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New exhibition at Kunstmuseum Basel presents forgotten or rarely seen works and icons of its collection
Installation view. Photo: Julian Salinas.

BASEL.- The exhibition Basel Short Stories turns the spotlight on the Kunstmuseum Basel's rich and in some respects world-famous collection, presenting less well-known treasures from the holdings in new contexts. The kaleidoscopic display unites illustrious and obscure, private and world-historical—and sometimes grotesque—events in the history of Basel that are brought into focus by art from the Kunstmuseum’s collections.

Basel Short Stories reminds the visitors of the extraordinary potential of the Öffentliche Kunstsammlung Basel, the municipal art collection of Basel, by staging a multifaceted dialogue between forgotten or rarely seen works and icons of the collection. It reflects all divisions of the collection, from the Old Masters to the present day, and sheds new light on the humanist Erasmus of Rotterdam, Hans Holbein the Younger’s masterwork The Dead Christ in the Tomb, the illustrator and naturalist Maria Sibylla Merian, the historian and art historian Jacob Burckhardt, the philosopher Friedrich Nietzsche, the 1912 Basel Peace Congress, the figure skaters Frick and Frack, the inventor of LSD Albert Hofmann, and the women’s rights activist Iris von Roten. Each room tells a different story while also contributing to the concert of voices that make up the exhibition.

The manifold characters, voices, and scenes illustrate that a museum is a complex, infinitely surprising, and continually evolving organism. Loosening the reins of the art-historical canon, Basel Short Stories presents a more freewheeling encounter between works of art and documents based on Basel’s rich history of ideas and everyday practices and the lives of individuals associated with the city.

Visual short stories unfold in nine galleries, initiated by works of art, objects, and documents from the holdings of the Kunstmuseum, the Emanuel Hoffmann Foundation, and other private and public collections in Basel. Several rooms have been conceived and designed in close collaboration with Silvia Bächli, Pipilotti Rist, and Not Vital, three artists whose oeuvres are represented in the Öffentliche Kunstsammlung.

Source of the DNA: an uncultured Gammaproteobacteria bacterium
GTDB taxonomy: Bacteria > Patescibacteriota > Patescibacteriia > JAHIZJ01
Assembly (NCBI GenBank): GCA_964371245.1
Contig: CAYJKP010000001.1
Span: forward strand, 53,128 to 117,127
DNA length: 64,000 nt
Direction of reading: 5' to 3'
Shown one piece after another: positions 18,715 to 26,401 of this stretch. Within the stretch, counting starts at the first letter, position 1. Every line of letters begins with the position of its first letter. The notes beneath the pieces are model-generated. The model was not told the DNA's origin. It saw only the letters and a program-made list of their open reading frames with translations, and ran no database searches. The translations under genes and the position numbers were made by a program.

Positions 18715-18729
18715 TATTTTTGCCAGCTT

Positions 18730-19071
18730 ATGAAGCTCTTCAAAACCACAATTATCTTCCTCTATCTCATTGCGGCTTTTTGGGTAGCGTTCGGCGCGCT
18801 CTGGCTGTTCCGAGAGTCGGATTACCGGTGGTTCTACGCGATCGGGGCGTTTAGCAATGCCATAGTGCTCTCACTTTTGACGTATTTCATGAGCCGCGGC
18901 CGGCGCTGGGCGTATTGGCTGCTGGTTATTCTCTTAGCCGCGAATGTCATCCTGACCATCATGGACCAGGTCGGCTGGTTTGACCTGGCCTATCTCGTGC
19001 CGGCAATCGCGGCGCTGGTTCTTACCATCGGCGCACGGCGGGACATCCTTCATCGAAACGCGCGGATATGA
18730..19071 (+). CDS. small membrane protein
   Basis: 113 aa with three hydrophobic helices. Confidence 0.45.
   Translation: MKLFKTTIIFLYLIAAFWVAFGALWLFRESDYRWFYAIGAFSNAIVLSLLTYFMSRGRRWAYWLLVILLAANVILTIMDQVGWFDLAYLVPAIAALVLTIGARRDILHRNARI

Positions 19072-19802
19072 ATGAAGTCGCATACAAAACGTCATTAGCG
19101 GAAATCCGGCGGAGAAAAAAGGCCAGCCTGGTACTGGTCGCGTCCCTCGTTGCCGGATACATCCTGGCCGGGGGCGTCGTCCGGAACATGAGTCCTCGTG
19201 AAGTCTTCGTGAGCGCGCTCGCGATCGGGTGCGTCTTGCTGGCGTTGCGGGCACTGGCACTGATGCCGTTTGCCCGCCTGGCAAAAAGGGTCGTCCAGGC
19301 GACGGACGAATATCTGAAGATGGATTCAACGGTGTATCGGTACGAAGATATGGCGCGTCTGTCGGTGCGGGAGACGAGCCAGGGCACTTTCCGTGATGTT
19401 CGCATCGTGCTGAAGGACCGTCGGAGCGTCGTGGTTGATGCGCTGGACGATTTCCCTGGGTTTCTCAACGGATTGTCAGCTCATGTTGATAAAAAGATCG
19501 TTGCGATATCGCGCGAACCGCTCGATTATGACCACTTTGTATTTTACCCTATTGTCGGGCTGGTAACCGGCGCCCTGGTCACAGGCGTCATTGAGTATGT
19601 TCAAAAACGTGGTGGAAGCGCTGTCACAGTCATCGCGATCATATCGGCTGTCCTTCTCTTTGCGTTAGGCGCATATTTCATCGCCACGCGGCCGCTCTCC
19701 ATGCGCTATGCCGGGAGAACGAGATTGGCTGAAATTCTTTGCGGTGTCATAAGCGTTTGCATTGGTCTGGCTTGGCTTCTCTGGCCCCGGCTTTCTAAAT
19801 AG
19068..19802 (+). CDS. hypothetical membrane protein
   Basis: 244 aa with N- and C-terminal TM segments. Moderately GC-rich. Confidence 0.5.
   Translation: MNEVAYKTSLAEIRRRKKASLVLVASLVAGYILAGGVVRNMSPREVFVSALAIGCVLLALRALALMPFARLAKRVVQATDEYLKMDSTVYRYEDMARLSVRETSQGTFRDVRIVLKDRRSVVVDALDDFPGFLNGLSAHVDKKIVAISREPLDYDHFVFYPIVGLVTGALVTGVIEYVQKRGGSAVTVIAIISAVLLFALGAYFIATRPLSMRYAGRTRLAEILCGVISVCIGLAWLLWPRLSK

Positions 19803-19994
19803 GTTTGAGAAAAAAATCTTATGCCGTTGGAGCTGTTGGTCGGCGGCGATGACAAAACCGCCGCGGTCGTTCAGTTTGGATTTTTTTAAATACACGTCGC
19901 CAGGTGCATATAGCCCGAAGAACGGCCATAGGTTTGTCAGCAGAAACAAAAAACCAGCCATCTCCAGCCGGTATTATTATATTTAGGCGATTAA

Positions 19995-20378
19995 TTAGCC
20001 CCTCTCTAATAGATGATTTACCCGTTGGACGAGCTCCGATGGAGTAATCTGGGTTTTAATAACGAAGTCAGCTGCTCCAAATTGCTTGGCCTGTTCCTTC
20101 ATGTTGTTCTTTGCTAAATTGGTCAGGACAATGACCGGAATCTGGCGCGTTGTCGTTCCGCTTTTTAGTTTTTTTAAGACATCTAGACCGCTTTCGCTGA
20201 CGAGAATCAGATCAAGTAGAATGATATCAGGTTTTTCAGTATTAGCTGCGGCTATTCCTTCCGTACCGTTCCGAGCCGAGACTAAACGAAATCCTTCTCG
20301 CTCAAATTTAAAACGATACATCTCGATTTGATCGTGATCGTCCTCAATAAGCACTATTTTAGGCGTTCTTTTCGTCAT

A rich program of events accompanies the Basel Short Stories, including the “Criss Cross,” a series of evening events crossing disciplinary boundaries: heterogeneous groups of guest speakers scrutinize selected issues that come up in the exhibition from a variety of perspectives, placing them in the context of contemporary debates in society and blending art with science, everyday life, and popular culture. Themes to be addressed include psychotropic substances, questions of ecology, aspects of peace efforts and processes, forms of feminism, as well as the entanglements between athletics and show business. Cooperative projects such as “Looping Journey,” directed by Gare du Nord, in which lay choruses experiment with translating the exhibition into music, and a “Culture City Plan” based on Basel Short Stories (realized by the cultural historians Franziska Schürch and Isabel Koellreuter) weave a web around the exhibition that literally connects it to the city.

Examining both familiar works and unknown pieces from a fresh angle, Basel Short Stories invites longtime fans who know the museum inside out and the broader public alike to discover the collection’s history and uncharted riches. Thanks to its transdisciplinary conception, the show is readily accessible to wide and diverse audiences.

An accompanying catalogue published by Christoph Merian Verlag presents a wealth of materials; illustrations, quotes, and excerpts from historic documents appearing side by side with essays by experts in a variety of fields. With contributions by Andreas Beyer, Andrea Bollinger, Bodo Brinkmann, Maike Christadler, Gabriel Dette, Patrick Düblin, Søren Grammel, Anita Haldemann, Josef Helfenstein, Michael Kessler, Andrea Maihofer, Ariane Mensger, Charles Ray, Sabine Söll-Tauchert, Monica Stucky, Hortensia von Roten, Regina Wecker, Maja Wismer, and others.

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